We left for Hiroshima early in the morning. It was our first experience with Shinkansen and I have to say that when I compared it to our Czech trains, I almost didn‘t see any difference….
😀 Okay, that‘s a bit exaggerated and in defense of Czech trains, I have chosen probably the worst type of train that is still operating in my country xD But still, just to see the differences between our worlds.. 🙂
Hiroshima is a pretty new city since it was destroyed after an atomic bomb attack on the 6th of August, 1945, which everybody certainly knows.
There are a few things however that remain undestroyed. One of these is the old railway that runs through the center of the city. Another is the “T” bridge, which was the target point for the “Little Boy” (the name of the atomic bomb). Last but not least, a building that used to be a hall for exhibitions now serves as a Hiroshima Peace Memorial. Just out of interest, the building was designed by the Czech architect Jan Letzel.
Walking through the Peace Memorial park we saw many groups of little kids walking around, notebooks and pens in their hands, waiting for something to come. After a while we figured out what it was all about. Once they noticed there are some foreigners, they ran towards them in order to ask them questions for their questionnaire.
The questions were basic things such as if we speak English, where are we from, if we like Japan, why did we come to Hiroshima etc. What impressed me was the fact that unlike many adults here in Japan they weren’t shy to speak English. Unfortunately, we could not get any information from them, because once we started asking them, they did not understand :D. So we just assumed that it was some kind of a homework what they were doing.
Why am I mentioning this story is the fact that after our “interview” was over, the kids gave to each of us a little Origami.
Origami is the traditional Japanese art of paper folding. The most well known origami model is the crane. It has become an international symbol of peace. In Japan every child learns to make origami from kindergarten. With a connection to World War II, it has not only a meaning of peace but also health. When somebody is ill, Japanese people start making these origami and as the legend says, when they reach the number of 1000, the person should get well.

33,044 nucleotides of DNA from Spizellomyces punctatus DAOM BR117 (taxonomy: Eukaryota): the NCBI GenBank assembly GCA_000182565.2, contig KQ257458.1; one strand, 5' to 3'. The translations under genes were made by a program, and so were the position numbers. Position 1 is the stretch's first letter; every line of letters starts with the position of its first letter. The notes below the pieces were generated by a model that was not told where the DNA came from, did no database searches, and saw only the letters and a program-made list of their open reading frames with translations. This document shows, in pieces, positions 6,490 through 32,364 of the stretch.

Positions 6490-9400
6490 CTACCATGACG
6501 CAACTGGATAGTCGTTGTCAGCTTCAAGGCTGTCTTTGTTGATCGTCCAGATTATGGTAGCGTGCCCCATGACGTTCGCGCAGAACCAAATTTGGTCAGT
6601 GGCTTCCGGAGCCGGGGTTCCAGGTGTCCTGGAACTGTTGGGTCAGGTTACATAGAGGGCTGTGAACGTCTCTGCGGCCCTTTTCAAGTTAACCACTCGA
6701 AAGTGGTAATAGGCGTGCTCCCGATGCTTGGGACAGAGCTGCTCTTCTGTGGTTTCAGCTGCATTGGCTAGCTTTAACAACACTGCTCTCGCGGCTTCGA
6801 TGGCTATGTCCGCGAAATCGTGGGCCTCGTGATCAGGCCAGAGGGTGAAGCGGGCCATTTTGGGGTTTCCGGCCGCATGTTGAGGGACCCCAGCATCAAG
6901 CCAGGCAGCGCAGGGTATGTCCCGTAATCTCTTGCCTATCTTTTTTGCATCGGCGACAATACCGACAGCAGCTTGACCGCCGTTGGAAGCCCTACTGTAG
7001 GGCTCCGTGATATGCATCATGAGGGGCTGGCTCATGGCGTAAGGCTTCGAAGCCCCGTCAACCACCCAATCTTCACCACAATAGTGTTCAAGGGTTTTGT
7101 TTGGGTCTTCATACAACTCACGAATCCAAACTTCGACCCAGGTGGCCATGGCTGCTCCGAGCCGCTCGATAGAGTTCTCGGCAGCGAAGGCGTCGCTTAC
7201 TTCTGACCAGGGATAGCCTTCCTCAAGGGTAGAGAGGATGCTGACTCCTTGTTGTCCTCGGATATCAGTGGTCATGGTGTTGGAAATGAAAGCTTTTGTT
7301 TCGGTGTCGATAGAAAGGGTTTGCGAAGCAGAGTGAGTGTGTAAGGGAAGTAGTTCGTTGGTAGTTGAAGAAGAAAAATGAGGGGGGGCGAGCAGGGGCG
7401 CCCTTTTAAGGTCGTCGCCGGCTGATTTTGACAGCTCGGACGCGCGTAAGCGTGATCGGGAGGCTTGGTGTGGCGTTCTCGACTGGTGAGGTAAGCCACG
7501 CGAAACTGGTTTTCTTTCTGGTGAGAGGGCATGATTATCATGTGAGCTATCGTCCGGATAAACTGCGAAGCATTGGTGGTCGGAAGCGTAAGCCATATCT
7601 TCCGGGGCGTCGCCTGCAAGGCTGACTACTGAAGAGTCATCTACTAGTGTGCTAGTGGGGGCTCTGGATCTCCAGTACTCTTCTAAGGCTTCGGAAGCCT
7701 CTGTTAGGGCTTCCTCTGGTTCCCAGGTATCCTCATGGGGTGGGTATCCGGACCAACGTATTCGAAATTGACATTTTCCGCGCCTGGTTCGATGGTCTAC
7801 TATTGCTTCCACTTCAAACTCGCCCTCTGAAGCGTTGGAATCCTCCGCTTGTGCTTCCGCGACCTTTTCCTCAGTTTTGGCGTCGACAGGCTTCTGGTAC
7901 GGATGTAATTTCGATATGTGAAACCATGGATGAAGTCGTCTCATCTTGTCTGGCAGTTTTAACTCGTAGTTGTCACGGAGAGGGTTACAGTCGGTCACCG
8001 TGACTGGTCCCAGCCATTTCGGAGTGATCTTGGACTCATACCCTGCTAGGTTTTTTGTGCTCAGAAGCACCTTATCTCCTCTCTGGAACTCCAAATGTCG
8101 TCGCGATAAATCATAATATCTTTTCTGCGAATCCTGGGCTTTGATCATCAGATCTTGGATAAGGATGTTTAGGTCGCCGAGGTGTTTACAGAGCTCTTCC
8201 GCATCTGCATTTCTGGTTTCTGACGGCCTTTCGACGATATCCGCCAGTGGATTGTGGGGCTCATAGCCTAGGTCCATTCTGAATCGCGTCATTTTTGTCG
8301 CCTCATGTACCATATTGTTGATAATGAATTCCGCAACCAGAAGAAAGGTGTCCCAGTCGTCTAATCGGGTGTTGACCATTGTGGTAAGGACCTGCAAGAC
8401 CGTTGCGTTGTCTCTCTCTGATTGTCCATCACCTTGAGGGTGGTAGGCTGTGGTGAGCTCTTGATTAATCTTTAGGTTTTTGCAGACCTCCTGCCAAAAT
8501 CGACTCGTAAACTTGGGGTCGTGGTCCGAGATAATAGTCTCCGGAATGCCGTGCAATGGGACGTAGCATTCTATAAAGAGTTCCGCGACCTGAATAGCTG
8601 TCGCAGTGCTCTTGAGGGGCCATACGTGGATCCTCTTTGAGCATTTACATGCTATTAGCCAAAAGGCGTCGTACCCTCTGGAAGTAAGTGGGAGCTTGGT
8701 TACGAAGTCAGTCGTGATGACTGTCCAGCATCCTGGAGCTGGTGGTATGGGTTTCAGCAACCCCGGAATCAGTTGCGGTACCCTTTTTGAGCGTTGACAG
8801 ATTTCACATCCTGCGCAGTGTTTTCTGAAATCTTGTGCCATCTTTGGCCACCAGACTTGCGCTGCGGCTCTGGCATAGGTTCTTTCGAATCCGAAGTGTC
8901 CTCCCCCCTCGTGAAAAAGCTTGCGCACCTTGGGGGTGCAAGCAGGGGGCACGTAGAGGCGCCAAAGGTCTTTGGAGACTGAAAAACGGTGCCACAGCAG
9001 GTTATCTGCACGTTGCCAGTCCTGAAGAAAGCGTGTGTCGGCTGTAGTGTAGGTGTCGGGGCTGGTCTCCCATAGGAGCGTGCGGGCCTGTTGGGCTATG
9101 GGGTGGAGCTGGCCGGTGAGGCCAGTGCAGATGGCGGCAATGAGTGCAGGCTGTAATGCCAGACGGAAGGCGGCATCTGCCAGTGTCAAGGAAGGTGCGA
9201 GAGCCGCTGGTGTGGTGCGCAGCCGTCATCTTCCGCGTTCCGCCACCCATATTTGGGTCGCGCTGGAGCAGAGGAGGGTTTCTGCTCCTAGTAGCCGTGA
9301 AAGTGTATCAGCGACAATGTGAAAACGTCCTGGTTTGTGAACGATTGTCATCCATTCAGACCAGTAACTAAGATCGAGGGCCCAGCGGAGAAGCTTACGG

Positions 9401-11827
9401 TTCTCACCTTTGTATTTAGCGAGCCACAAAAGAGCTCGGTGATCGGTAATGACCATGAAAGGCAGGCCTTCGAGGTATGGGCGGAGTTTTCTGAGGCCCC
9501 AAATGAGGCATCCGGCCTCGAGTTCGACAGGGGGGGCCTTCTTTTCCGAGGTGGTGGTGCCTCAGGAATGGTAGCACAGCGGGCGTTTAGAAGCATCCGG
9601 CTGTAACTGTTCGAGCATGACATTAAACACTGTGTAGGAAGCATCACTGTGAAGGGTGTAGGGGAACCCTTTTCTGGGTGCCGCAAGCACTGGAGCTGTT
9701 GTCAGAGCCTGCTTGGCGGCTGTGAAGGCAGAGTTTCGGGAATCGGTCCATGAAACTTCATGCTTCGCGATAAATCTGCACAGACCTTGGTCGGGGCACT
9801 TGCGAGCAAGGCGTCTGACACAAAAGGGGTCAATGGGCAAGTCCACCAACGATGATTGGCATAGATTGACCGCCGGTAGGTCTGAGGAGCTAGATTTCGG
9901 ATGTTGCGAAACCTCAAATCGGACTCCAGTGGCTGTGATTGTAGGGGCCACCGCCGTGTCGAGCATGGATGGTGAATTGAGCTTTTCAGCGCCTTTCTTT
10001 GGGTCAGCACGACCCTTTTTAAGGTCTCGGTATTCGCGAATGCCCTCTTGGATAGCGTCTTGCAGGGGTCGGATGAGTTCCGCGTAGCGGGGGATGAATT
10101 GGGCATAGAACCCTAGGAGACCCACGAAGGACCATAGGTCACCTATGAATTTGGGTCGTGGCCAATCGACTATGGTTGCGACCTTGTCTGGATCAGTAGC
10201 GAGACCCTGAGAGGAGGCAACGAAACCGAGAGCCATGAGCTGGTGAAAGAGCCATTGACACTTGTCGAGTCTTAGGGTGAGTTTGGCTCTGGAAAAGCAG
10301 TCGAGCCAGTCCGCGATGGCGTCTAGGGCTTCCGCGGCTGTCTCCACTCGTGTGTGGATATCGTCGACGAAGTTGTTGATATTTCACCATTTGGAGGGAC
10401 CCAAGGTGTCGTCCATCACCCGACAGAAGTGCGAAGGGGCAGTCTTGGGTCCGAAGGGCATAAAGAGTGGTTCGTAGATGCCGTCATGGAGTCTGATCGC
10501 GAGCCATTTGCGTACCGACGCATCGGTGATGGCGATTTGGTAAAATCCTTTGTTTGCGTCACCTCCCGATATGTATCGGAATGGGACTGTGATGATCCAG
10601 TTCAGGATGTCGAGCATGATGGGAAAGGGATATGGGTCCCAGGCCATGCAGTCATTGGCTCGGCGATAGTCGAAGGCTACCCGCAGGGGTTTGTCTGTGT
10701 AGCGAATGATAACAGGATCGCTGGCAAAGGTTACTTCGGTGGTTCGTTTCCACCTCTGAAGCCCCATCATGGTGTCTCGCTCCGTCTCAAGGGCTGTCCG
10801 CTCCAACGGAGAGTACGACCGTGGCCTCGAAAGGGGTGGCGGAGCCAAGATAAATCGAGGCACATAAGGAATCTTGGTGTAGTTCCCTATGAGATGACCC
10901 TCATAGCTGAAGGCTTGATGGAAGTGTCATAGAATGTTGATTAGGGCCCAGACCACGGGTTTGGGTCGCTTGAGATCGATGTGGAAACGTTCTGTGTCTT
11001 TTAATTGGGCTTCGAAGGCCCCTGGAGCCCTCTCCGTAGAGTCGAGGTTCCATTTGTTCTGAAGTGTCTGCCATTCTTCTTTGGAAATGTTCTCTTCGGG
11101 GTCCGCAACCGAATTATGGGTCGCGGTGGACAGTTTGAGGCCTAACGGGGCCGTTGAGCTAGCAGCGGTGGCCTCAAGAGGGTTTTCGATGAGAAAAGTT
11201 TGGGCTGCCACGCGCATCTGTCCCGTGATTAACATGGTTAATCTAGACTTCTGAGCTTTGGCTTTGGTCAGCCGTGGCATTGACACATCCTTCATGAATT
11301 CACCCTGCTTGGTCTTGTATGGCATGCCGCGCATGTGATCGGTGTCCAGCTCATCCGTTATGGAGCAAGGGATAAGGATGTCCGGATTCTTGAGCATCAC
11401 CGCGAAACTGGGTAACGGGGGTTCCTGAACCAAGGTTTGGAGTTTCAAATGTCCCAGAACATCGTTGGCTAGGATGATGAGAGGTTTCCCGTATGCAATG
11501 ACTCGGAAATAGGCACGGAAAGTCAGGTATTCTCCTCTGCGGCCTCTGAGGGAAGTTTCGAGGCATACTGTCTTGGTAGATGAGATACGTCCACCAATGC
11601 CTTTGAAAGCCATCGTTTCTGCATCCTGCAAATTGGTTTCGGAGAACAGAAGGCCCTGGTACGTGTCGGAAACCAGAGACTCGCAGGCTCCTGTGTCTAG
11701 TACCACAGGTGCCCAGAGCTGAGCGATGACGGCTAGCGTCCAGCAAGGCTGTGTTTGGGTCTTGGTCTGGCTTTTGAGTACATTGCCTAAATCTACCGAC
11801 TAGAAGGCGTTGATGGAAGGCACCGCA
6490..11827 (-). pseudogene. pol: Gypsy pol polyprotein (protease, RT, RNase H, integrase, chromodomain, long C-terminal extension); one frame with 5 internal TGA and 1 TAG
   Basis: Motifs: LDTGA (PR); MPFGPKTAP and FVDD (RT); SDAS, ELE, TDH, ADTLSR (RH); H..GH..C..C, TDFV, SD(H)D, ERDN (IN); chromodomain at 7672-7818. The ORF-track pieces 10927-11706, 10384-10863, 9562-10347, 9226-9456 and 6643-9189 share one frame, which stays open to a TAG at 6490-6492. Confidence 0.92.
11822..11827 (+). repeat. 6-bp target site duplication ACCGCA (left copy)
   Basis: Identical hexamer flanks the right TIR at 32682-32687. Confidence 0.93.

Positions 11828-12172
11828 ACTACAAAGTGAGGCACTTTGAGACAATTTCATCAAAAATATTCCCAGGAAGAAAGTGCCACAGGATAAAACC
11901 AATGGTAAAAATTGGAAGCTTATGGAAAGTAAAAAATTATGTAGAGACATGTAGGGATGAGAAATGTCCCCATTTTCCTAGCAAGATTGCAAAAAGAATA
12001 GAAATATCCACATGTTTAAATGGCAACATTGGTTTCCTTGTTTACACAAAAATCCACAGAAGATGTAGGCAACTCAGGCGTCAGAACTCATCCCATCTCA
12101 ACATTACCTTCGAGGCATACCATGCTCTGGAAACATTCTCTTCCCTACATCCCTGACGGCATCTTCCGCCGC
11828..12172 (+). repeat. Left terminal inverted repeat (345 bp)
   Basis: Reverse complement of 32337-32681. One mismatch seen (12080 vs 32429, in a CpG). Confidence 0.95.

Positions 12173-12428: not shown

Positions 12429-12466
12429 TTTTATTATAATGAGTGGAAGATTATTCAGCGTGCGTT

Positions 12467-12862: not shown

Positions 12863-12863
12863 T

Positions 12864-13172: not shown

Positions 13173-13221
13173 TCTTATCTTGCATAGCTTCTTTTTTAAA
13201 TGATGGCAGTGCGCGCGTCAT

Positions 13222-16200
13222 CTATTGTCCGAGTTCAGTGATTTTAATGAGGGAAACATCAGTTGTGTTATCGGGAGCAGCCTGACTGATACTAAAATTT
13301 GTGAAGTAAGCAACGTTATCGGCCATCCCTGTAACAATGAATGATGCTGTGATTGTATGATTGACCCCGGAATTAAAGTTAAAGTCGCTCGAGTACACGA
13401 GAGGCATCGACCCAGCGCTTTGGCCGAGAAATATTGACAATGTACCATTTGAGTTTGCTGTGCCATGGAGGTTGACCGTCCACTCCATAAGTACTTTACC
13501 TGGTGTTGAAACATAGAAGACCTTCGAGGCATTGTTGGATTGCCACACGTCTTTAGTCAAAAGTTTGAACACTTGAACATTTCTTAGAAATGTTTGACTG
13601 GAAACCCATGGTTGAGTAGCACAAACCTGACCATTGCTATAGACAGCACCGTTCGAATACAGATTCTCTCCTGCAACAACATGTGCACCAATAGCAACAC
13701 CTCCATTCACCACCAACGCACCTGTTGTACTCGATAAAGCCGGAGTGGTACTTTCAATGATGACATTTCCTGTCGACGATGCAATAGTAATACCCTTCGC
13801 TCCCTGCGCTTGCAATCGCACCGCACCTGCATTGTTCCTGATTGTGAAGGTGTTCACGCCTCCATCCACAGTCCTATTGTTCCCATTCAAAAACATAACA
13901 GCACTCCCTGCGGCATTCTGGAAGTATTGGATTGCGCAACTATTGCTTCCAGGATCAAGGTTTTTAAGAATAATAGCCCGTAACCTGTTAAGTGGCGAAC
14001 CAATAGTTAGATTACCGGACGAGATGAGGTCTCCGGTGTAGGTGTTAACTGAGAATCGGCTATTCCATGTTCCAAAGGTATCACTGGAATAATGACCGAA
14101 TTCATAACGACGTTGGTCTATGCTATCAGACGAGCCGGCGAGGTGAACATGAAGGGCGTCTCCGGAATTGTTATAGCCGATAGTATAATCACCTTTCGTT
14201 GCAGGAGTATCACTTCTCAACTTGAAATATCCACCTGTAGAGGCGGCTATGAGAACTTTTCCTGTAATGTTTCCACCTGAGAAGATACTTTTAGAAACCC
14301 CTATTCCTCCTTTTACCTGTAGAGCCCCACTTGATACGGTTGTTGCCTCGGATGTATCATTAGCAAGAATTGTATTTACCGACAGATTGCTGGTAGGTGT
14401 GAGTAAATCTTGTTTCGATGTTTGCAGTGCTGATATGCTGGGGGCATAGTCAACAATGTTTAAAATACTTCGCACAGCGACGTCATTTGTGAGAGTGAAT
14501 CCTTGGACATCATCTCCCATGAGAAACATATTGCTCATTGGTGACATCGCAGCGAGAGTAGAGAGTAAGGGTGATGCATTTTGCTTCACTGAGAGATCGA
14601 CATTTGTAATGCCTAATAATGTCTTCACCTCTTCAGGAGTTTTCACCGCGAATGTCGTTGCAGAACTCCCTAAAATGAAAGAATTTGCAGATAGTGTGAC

Let’s leave Hiroshima now and have a look at the next place we visited during the same day.
A place, where you have a feeling that the whole world stopped- Miyajima island.
Miyajima is a small island next to Hiroshima city. We took a ferry to get there and the wavy 40min lasting travel was definitely worth it.
It is most famous for its giant torii gate, which is rated as a Unesco World Heritage and which at high tide seems to float on the water. This gate called Itsukushima Shrine is a spectacular place and I would be able to spend the whole day just sitting and watching the changes of colors on this beautiful red Shrine as the sun is moving on the sky. It’s one of the places where you can definitely find peace of mind. =)
What is also interesting in this island are the wild deers which you can see everywhere around. With the time they became very cheeky and it is absolutely normal here if they come to you and start pocking you, trying to steal whatever you are just holding. Food, papers, money and also clothes are on their favorite menu 🙂
Visiting Hiroshima was a very intriguing and unique experience considering what a disaster happened here not so ago. Life of the people here is normal, they seem to be happy, going through life day by day like everybody else. One thing, however, is different. They still remember deep inside what happened here in 1945 and they don’t want to forget. As a proof are thousands of origami that are brought constantly to the memorials to honor the victims of the World War II.